“I have to give our girls credit. We got smoked in set two, and I was lighting into them. As competitors, they were not going to forget this and it was going to sit with them forever…if this was how they were going to continue to play. New Knoxville is good. Make them earn it. If they were going to beat us, then make them earn it. Do not just give it to them,” she said. “In that third set, we came out on fire. As a coach, I couldn’t be more proud of them.”
Plus, the senior quartet of Bri Claxon, Graci Claxon, Faith Maloney and Rylee McGraw —which were all present for Thursday night’s press conference —didn’t want to go out on the wrong end of a state sweep.
“We just played that third set like we knew how,” said Bri Claxon. “We pursued the ball on defense, we lined our block up, and we didn’t want to get swept. We knew that could be our last set playing together, so we just give it our all.”
“We were more confident in that set,” added Maloney. “We really relied on each other and just kept playing to the end. When they started going on their run in the first two sets, it obviously flustered us. We’re not used to somebody hitting us hard like that back-to-back. I think a lot of it had to do with the atmosphere. We were all nervous at the beginning, and once we let one mistake get to us, we let multiple ones get to us.”
Although volleyball is a momentum sport within each individual set, the Jeeps did demonstrate they could play right with New Knoxville.
“The girls came here on a big stage, first female South Webster team in history, and they held their own and competed,” said Coach Claxon. “They responded, they made me proud and they made us proud.”
Incidentally, that is the same Ranger squad which won Saturday’s state championship in four games —defeating fellow MAC rival St. Henry.
It is the first state volleyball title for New Knoxville, which was also a semifinalist in 1989 — and again in 2006 as the runner-up.
“We knew New Knoxville was coming from the MAC, and I know the MAC is the best conference for Division III and IV volleyball in Ohio,” said Coach Claxon. “We knew they were going to be good. There’s no question about it.”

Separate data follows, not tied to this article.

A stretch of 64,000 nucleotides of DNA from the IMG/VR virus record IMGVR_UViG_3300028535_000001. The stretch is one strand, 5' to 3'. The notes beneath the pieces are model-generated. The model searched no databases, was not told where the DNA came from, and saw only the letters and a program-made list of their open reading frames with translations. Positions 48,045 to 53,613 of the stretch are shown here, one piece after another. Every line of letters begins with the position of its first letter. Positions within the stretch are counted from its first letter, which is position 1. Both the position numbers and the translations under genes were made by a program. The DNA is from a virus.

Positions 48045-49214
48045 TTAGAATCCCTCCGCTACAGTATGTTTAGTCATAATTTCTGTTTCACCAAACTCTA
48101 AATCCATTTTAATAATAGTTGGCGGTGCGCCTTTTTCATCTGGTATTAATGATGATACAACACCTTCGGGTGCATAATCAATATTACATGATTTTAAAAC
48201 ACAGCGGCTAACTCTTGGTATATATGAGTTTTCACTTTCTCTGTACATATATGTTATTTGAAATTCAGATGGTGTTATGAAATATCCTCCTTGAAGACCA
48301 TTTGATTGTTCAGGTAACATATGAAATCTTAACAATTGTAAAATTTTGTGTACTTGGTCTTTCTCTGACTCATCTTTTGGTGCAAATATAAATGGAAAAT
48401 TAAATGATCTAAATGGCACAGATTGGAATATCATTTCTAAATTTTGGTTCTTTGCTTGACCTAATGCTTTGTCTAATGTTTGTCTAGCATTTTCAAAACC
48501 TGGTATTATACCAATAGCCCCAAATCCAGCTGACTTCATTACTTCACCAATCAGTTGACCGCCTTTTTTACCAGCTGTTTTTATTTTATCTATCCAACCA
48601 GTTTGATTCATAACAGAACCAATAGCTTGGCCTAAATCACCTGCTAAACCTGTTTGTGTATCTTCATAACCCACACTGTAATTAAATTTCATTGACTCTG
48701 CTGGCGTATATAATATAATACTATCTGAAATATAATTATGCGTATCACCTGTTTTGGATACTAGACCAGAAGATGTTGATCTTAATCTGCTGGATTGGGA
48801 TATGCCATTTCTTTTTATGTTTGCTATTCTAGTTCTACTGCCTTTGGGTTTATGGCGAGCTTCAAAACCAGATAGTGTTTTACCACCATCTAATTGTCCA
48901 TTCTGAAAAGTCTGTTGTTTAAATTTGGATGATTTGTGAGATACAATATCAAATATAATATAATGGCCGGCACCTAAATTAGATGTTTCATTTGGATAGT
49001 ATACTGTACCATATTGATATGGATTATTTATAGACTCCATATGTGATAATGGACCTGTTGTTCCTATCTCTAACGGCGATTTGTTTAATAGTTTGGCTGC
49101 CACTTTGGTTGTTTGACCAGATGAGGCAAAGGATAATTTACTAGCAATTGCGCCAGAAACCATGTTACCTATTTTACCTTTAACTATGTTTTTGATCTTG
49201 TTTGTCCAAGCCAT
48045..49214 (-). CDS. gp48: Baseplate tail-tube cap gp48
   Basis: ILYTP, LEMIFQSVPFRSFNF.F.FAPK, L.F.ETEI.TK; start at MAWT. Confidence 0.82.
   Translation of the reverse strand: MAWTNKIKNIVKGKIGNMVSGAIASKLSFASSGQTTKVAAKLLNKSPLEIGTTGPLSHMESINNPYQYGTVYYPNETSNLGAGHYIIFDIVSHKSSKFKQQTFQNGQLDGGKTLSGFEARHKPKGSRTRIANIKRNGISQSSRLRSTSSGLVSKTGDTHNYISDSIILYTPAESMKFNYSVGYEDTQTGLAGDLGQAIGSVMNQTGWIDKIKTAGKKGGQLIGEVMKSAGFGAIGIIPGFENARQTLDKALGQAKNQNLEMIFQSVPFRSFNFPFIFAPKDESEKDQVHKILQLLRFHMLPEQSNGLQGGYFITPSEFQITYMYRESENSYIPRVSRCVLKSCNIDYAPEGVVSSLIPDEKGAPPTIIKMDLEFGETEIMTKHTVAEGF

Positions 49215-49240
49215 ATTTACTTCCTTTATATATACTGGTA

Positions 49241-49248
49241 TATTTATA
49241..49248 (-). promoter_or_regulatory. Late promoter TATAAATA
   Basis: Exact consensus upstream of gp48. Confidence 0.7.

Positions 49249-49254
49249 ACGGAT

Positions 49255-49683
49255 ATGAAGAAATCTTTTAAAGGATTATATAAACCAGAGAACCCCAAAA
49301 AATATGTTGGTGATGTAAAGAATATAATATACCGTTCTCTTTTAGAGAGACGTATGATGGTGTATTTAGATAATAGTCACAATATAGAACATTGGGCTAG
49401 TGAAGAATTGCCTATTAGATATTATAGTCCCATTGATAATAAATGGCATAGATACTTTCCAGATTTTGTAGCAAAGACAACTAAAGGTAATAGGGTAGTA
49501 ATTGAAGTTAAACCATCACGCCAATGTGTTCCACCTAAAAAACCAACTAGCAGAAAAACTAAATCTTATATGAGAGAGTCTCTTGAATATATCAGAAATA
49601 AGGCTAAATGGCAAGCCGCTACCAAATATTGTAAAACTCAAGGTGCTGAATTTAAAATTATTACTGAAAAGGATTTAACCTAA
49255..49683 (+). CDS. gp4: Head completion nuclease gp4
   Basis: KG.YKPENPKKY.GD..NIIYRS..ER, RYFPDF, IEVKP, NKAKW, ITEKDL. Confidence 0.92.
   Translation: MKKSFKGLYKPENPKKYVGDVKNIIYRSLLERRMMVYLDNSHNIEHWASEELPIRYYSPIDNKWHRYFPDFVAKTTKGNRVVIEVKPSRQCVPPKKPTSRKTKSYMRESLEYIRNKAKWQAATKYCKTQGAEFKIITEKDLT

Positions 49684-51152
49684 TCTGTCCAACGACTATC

For the Jeeps’ four seniors, the state tournament was a lifelong goal — and dream realized.
They were regional semifinalists as sophomores, regional runners-up as juniors, and the expectations all along in their senior seasons were that South Webster was a Division IV Final Four caliber-club.
It was indeed a tearful press conference for that foursome —only because the incredible journey was officially, yet unfortunately, over.
However, it’s going to be one surely reflected upon with fond memories.
“The hardest part for me is that this last year, everyone on this team I can call my best friend. And I’ll never put this jersey back on to play with them” said McGraw.
“We’re losing each other too. We’re not going to see each other to play volleyball together again,” continued Maloney, the six-foot first-team all-Ohio middle hitter. “It’s hard.”
“I couldn’t be prouder of all of us and what we’ve done this season,” said Bri Claxon. “It’s hard because it’s my last sport playing with all three of them. These are my best friends. I think we’ve all grown into ourselves a lot since our freshman year. Just to see these girls beside me and our whole team grow has been really special and I am so proud of that. I didn’t want to lose of course, but if there was somewhere we could have lost, I am proud that it was here. This is a big accomplishment for all of us.”
Darcee Claxon concurred.
“Just very proud of this experience and this opportunity. In Scioto County, we don’t get a lot of respect in volleyball or in a lot of anything. But I am proud of this team and our program and what we’ve accomplished,” said the coach. “I’d pick these girls any day of the week and twice on Sunday. That’s the story and I’m sticking to it.”
Reach Paul Boggs at (740) 353-3101 ext. 1926, by email at [email protected], or on Twitter @paulboggssports © 2021 Portsmouth Daily Times, all rights reserved